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Archive for the ‘Construction’ Category

Dealing With Suspension Trauma

Envision this situation: A building employee is changing shingles on the roof covering of a two-story house 20 feet over ground. He loses his ground as well as slides, diminishing the roof covering. He’s using a fall-arrest system, and also consequently is saved from fatality.

Yet he’s not unharmed yet.

This worker can potentially experience orthostatic intolerance– additionally typically described as suspension trauma.

Just what is it?

OSHA explains suspension injury as “the advancement of signs and symptoms such as light-headedness, bad concentration, palpitations, tremulousness, exhaustion, nausea or vomiting, wooziness, frustration, sweating, weakness and periodically fainting during upright standing.”

After a fall, an employee might remain suspended in his or her harness prior to being saved. Depending upon the length of time the employee stays suspended, the continual stability could lead to unfamiliarity and even death. This is because of “venous pooling,” a problem that takes place when a person’s legs are stable as well as blood swimming pools in the legs, decreasing the amount of blood distributing in the body.

OSHA keeps in mind that the body reacts to venous pooling by quickening the heart price in an attempt to keep adequate blood circulation to the brain. If a person’s blood supply is considerably minimized, this won’t be effective as well as the body will after that “suddenly slow down the heart rate and also blood pressure will diminish in the arteries.” In severe situations of venous merging, an individual could faint or experience kidney failure, which can be fatal.

Move fast

Speed is crucial after an employee experiences a loss. Suspension in a fall-arrest tool can lead to unconsciousness and also death in less than 30 minutes. Inning accordance with OSHA, workers who use fall-arrest tools or that might execute rescue activities must recognize:

Ways to determine whether their personal protective tools is appropriately used and fitted

Just how suspension injury might happen, along with its signs and symptoms

How you can use suitable rescue treatments and techniques to reduce threat while put on hold

Diesel Exhaust Dangers

Equipment that runs on diesel is quite common in a number of industries. This includes construction sites, mining, farming, maritime and several other such sectors.

Workers in these areas are exposed to a great deal of carcinogen exhausts from such machinery. This is typically in the case where machines are not properly handled and maintained.

Emissions from such equipment are made of “Diesel Particulate Matter”. ,This is a substance that “is made of soot and is comprised majorly of metallic particles, ash, carbon, silicates and sulfates” according to OSHA.

The International Agency for Research on Cancer (IARC), classified exhausts from diesel machinery under “Well-known Hazards for the Human Health” in 2012.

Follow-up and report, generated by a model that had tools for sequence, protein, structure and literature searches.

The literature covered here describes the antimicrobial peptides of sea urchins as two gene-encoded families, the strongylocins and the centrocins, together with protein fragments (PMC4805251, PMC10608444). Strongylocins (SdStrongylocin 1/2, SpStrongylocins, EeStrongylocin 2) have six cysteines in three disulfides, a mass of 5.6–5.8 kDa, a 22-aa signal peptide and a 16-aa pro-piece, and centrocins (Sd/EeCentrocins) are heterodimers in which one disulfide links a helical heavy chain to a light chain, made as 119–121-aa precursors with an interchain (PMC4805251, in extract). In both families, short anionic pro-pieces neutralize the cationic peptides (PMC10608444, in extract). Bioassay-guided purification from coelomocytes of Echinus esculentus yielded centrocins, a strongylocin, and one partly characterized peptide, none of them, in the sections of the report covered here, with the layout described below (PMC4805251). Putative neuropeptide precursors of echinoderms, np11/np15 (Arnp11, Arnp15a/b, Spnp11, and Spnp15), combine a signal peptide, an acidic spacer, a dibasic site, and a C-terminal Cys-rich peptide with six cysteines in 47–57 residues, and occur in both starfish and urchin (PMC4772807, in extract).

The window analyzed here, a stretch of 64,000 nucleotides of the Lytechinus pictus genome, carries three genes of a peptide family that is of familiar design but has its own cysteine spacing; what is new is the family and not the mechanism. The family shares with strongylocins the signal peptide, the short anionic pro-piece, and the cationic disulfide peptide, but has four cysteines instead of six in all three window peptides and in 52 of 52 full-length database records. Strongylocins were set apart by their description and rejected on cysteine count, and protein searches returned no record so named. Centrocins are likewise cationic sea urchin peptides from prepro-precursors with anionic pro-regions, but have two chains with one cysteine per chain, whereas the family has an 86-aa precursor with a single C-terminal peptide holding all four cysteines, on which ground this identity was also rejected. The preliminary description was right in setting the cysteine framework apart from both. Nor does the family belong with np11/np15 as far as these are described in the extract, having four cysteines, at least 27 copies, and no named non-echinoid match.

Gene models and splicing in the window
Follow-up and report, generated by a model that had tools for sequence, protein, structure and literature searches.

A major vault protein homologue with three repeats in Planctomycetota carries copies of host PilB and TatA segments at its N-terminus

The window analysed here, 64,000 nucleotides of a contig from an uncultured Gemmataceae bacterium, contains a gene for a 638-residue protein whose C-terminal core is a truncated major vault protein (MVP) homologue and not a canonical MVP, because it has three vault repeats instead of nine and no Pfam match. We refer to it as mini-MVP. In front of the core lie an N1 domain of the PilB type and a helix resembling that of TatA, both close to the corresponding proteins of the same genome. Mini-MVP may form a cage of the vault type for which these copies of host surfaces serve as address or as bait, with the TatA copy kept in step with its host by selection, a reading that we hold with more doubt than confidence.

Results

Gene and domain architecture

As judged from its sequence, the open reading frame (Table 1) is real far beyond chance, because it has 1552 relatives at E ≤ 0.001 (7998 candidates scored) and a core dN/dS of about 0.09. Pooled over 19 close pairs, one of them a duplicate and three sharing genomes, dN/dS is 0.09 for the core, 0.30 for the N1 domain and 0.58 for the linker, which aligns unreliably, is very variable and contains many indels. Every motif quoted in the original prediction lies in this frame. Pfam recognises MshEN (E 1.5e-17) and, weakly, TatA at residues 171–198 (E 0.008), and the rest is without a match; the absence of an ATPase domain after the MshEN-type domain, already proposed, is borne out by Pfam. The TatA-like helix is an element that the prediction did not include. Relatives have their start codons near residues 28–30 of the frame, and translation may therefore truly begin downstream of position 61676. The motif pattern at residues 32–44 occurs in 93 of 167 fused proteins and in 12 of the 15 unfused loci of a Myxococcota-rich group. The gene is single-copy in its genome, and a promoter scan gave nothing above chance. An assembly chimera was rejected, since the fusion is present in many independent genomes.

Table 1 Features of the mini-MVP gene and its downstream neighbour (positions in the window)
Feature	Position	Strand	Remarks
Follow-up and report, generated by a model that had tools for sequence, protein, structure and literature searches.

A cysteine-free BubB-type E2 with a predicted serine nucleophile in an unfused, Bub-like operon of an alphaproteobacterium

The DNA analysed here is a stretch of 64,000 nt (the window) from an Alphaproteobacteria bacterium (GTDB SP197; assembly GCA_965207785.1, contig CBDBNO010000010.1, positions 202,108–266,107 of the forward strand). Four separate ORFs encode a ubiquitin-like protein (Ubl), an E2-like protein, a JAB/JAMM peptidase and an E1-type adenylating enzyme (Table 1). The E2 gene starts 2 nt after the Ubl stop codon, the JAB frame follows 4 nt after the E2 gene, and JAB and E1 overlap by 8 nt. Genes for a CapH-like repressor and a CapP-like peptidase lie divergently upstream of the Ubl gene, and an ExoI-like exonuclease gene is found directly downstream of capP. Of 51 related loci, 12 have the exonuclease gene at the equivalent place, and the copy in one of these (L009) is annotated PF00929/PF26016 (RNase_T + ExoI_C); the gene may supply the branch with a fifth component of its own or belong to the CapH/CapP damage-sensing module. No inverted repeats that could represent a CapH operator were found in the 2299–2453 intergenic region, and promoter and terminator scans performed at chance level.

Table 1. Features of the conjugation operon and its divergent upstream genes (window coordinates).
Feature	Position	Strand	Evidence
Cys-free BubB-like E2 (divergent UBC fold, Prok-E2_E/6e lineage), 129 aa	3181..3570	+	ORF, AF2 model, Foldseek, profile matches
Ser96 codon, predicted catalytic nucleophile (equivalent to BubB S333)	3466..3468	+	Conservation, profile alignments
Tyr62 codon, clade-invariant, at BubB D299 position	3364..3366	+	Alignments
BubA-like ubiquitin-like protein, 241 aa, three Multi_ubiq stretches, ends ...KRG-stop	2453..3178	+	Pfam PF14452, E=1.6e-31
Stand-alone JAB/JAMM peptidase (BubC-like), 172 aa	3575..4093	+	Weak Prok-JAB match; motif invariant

Even temporary exposure to exhausts and emissions from diesel equipment can lead to issues. These include constant headaches, dizziness, and irritation in the eyes, nose & throat. Long-term exposure could cause the development of more serious issues. These include breathing conditions, cardiopulmonary and cardio conditions, and even lung cancer.

Given the health threat, managing the exposure to such emissions is highly necessary.

First, make sure there is adequate supervision in place to limit the exposure of any workers. OSHA further suggests that equipment receive regular maintenance. It also suggests aging equipment be swapped out for cleaner burning engines. These should be equipped with better air filtration systems.

Second, be sure adequate safety controls are in place. For example, creating “Off-limit” areas is a great way to limit the pool of people at risk for exposure. Likewise, limit the times when machines are running so the fewest workers are around when the machinery is operational.

Smart preventive measures like these can reduce the exposure to diesel exhausts to a great extent. Plus, they can be implemented in a way that still allows a team to work at maximum efficiency.

A side benefit: By limiting diesel exposure you can help reduce workmans’ comp claims. You’ll maximize worker availability. You’ll also have a positive impact on your overall operational costs.

The Hazards of Scaffolding

Structure scaffolding for work projects could provide many serious threats to employees. Inning accordance with OSHA, injuries connected to scaffolds include falls, tip-overs, being struck by falling tools, and entering contact with energized high-voltage line.

To ideal stay secure while building as well as using scaffolding, OSHA recommends a selection of tips:

Always utilize footings that are level, rigid as well as able to sustain lots without settling or moving.

Securely plumb and also support tools in order to help protect against persuading and dislodgment.

Plumb and also degree the scaffold as you go.